- Life — RV water filtration systems almost always have filters that need to be changed. Look for this information when buying a water filter for your camper to see how often you’ll need to service your RV water filtration system
Inline RV water filters
Inline water filters for your camper are filters that are installed outside your RV at a point between the hose connecting to the campground water hookup and the point where the water goes into your camper.
- Pros — Inline water filters are easy to install, easy to replace, and easy to transport, making them the perfect option for part-time RVers
- Cons — Inline RV water filters need to be replaced often and will slow your flow rate when they reach the end of their life
Canister RV water filters
Canister water filters are more advanced than an inline filter because they often push water through several different types of filters before entering your RV water system. Canister systems are water filtration systems for your camper that allow you to customize your level of filtration. For example, certain models allow you to have up to three unique canisters with filters devoted to different jobs — one canister may be devoted to particle removal while another spends its days removing chlorine from your water.
- Pros — A canister filter can be installed internally so that you don’t have to worry about hooking it up each time
- Cons — Filters need to be changed, and leaks can go unnoticed if your RV water filter is installed in a hard to see place
Countertop RV water filters
You can purchase a portable RV water filtration system that filters directly at the source. For example, Brita water pitchers, countertop water distillers, and water filters that attach to your kitchen sink are all viable water filtration systems for your motorhome or RV.
- Pros — These are simple, cost-effective solutions to address the varying water quality at campgrounds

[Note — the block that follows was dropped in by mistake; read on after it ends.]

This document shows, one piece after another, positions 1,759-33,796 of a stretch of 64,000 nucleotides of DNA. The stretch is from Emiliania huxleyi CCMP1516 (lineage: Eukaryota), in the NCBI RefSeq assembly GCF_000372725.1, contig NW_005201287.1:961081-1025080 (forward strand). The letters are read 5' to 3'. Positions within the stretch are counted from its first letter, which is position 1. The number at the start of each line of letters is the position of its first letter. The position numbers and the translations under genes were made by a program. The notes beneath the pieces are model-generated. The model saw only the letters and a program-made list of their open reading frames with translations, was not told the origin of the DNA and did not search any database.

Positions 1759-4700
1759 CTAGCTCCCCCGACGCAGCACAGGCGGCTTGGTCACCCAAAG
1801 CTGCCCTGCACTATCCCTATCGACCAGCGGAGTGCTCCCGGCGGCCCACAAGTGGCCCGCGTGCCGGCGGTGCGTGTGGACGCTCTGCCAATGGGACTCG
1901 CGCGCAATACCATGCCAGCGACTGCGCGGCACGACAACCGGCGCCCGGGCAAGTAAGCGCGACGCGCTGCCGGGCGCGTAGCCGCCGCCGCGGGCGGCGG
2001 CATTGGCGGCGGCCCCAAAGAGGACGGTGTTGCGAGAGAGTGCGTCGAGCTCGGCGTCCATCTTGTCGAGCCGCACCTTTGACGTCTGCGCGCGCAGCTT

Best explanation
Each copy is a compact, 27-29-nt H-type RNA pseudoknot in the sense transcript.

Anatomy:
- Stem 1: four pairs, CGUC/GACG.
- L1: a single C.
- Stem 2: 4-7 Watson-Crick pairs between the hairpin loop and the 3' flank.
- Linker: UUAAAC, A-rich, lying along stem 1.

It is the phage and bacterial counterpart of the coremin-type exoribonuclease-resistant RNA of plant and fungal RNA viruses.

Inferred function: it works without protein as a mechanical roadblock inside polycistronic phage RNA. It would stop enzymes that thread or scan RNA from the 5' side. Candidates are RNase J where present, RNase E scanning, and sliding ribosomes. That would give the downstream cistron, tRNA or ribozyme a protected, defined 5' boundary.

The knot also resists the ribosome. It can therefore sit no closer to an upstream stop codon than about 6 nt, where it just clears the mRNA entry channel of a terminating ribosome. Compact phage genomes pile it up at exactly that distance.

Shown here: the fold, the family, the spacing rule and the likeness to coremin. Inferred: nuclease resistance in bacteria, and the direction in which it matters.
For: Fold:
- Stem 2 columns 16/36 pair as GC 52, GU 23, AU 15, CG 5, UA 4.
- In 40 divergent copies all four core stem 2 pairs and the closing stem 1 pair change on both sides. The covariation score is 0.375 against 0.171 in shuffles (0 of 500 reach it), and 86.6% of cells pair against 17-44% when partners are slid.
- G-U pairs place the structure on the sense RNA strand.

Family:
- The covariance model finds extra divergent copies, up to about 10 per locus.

- Cons — They take up precious space in your RV and only filter water at one point, rather than filtering water before it goes into your camper
Reverse osmosis filtration system in your RV
Reverse osmosis systems are known for providing some of the cleanest water on the planet, but they also waste a tremendous amount of water in the process. Water is wasted because reverse osmosis systems only allow the cleanest elements of water to get through while dumping the rest. This is a major problem if you plan on boondocking because the wastewater generated through reverse osmosis will quickly fill your camper’s grey water tank. For this reason, you should only consider adding a reverse osmosis system if you plan to install it for drinking water at your kitchen sink, rather than for your whole water system.
- Pros — Reverse osmosis provides some of the cleanest drinking water by pushing water through very dense membranes
- Cons — These systems are costly and waste lots of water
Berkey style water filters
This popular style of water filter provides some of the cleanest water imaginable. Berkey originally made a name for itself through water systems that were designed to purify water in the absolute dirtiest of situations. A Berkey is a simple water filtration system for your RV because it is an all-in-one device made up of one small tank to filter water and another tank to dispense water from a spout. It can fit on most RV countertops.
- Pros — A cost-effective and simple way to get uber-clean water into your RV. The filters also have a relatively long life
- Cons — A Berkey will take up counter space and will only filter water for drinking. This setup alone won’t help you protect your RV water system from harmful particles
Water filtration systems for RVs might seem like a complicated web, but once you know the right questions to ask, the choices become clearer. No matter which route you pursue, cleaning up dirty campground water is a must for any RVer.